Toyota Motor Corp has lifted the lid on its all-encompassing EV battery development and manufacturing plan till 2030. In a presentation by Chief Technology Officer Masahiko Maeda, the Japanese carmaker has detailed its development and supply of batteries towards achieving carbon neutrality.
Maeda said, “There is no time to lose when it comes to reducing, in all aspects, the amount of CO2 emitted by humankind. According to our calculations, the CO2 reduction effect of three HEVs is almost equal to that of one BEV. At the moment, because we can provide HEVs at a comparatively affordable price, in places where the use of renewable energy is to become widespread going forward, electrification using HEVs is among the effective ways of reducing CO2 emissions. On the other hand, Toyota believes that the increased use of zero-emissions vehicles, or ZEVs, such as BEVs, and fuel cell electric vehicles, or FCEVs, is important in regions where renewable energy is abundant.
Three core technologies for full-line-up of EVs
Toyota, which introduced the first-generation Prius in 1997 and subsequently rolled out PHEVs, FCEVs and BEVs, says it will continue to try various measures to expand the options for achieving carbon neutrality and is preparing a full line-up of electrified vehicles.
The carmaker has outlined three core technologies to support this full line-up of electrified vehicles – electric motors, batteries, and power control units. It has developing and manufacturing a full line-up of batteries.
Maeda said: “For HEVs, our focus is on power output, or in other words, instantaneous power, while, when it comes to PHEVs and BEVs, our focus is on capacity or what can be called "endurance". As batteries for HEVs, we have been continuously evolving nickel-metal hydride batteries and lithium-ion batteries by taking advantage of their respective characteristics. Our bipolar nickel-metal hydride battery, which was announced this year and is focused on providing instantaneous power, will be used in an increasing number of vehicles.”
He added, “For lithium-ion batteries for PHEVs and BEVs, we have been striving to improve both cost and endurance, and we will continue to improve them as we move forward. We are developing a further advanced new type of lithium-ion battery for introduction in the second half of the 2020s.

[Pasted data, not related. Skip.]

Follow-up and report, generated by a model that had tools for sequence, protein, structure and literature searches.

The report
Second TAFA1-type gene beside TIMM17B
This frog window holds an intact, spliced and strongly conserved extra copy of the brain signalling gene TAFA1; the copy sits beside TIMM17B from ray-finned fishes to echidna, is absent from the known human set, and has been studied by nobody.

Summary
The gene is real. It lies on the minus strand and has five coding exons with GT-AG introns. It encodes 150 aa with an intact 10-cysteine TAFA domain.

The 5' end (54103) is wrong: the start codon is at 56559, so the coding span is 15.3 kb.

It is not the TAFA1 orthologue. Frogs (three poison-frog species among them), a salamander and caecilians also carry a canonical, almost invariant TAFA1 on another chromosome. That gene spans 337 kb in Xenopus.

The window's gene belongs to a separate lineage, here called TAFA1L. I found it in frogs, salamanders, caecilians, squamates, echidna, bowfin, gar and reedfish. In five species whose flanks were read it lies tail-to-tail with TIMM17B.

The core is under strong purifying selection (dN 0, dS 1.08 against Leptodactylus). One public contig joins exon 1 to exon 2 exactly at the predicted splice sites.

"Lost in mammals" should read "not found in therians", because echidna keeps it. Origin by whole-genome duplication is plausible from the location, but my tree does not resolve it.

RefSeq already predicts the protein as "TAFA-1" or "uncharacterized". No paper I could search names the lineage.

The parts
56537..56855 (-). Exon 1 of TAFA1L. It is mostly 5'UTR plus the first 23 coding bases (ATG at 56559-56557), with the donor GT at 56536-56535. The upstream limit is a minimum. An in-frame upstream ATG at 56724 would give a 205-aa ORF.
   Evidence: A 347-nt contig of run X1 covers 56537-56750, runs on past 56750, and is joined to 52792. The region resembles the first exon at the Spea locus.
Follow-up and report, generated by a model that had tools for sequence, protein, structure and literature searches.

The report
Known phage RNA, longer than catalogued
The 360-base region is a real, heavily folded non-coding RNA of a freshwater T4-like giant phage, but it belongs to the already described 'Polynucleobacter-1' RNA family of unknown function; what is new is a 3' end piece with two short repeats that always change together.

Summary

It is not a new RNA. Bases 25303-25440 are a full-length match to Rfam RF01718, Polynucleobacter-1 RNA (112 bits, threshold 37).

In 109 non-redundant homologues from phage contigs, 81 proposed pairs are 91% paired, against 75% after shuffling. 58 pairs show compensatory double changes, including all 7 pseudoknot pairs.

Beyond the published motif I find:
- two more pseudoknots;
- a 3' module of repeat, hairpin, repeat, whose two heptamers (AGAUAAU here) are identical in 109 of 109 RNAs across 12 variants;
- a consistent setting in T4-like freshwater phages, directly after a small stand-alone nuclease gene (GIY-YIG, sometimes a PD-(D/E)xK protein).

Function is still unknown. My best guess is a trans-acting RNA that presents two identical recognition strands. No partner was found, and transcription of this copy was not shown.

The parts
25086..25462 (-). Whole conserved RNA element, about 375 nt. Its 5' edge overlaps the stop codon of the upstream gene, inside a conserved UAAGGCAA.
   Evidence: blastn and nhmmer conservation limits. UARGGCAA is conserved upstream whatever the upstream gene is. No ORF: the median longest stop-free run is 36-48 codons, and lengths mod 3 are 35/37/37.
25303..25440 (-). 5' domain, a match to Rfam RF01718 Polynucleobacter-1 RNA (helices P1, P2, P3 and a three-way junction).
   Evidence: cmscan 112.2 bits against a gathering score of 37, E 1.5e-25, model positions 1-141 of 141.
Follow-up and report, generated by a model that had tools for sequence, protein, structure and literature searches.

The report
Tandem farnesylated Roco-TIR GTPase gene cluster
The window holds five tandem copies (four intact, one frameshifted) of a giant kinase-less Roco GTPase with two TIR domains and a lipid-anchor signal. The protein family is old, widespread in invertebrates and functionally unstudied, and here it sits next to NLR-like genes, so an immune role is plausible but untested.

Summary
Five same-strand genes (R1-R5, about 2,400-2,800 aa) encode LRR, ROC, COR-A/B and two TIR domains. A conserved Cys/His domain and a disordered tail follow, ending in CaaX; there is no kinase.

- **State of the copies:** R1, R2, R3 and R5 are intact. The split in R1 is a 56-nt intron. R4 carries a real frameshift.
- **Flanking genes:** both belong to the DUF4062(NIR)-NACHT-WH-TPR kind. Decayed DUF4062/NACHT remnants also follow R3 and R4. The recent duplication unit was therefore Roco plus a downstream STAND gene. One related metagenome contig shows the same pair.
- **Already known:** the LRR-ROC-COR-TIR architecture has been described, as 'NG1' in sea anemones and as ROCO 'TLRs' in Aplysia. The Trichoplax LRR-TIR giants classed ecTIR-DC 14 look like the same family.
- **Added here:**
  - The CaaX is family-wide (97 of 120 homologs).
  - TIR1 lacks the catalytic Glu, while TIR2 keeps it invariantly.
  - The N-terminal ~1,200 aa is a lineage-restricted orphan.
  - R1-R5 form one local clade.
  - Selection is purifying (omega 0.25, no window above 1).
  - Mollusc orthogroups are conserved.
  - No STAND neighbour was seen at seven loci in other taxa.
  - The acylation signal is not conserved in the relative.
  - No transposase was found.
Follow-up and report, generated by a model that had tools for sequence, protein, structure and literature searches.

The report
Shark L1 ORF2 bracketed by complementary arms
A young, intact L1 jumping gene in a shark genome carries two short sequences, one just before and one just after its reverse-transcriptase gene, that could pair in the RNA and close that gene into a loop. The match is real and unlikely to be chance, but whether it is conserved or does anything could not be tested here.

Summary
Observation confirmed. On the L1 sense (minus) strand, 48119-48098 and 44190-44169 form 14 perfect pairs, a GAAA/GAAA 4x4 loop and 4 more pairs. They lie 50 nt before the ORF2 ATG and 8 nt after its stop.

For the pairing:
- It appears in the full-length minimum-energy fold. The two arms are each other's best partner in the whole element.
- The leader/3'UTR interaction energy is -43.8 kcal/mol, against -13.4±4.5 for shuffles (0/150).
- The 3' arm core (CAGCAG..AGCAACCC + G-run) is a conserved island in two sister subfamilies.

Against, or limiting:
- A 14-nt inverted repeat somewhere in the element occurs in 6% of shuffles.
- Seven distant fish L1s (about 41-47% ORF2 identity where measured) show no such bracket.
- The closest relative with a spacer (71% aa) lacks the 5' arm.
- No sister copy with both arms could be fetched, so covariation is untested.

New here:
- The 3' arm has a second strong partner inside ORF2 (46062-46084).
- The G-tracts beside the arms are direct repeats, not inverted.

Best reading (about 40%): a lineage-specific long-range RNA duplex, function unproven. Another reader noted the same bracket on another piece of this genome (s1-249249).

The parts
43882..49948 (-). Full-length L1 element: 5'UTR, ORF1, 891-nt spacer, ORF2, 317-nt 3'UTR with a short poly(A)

Focus on batteries that offer peace of mind
Toyota says what it values the most is “to develop batteries that its customers can use with peace of mind.” It is focusing on safety, long service life, and high-level quality to produce good, low-cost, and high-performance batteries. The overarching goal is to strike a balance between each of these factors to ensure safe use.
According to Maeda, “To popularise BEVs, we would like to reduce costs and provide BEVs at a reasonable price. To start with, we aim to reduce the costs of batteries themselves by 30 percent or more by developing materials and structures. Then, for the vehicle, we aim to improve power consumption, which is an indicator of the amount of electricity used per kilometre, by 30 percent, starting with the Toyota bZ4X. Improved power efficiency leads to reduced battery capacity, which will result in a cost reduction of 30 percent. Through this integrated development of vehicles and batteries, we aim to reduce the battery cost per vehicle by 50 percent compared to the Toyota bZ4X in the second half of the 2020s.
Commenting on next-generation batteries, the Toyota CTO said: “For liquid batteries, we will take on the challenge of material evolution and structural innovation. We will also aim to commercialize all-solid-state batteries. As stated, we will develop three types of batteries, and by the second half of the 2020s, we hope to improve the characteristics of each type so that we can provide batteries that can be used with peace of mind.”
Establishing a battery supply system
Toyota plans to establish a battery supply system, which is important for the mass adoption of BEVs. It is working to build a flexible system that can stably supply the required volume of batteries at the required timing while meeting the needs of various customers in each region around the world.
While it will “establish the needed technologies by conducting a certain amount of in-house production,” Toyota says it “will cooperate and collaborate with partners who understand and will put into practice our concept. We will also proceed with discussions with new partners in some regions. We are building a system with our partners that will allow us to incorporate into discussed plans the volume of batteries that we will need in about three years.”
In fact, Toyota is targeting a path-breaking per-vehicle cost of 50 percent or less compared to now through the integrated development of vehicles and batteries. According to Maeda, “We are assuming that we will go beyond the 180 GWh worth of batteries that we are currently considering and will ready 200 GWh worth of batteries or more if the dissemination of BEVs is faster than expected. The amount of investment in the development of a battery supply system and R&D is expected to be approximately 1.5 trillion yen (US$ 14 billion / Rs 103,500 crore by 2030.”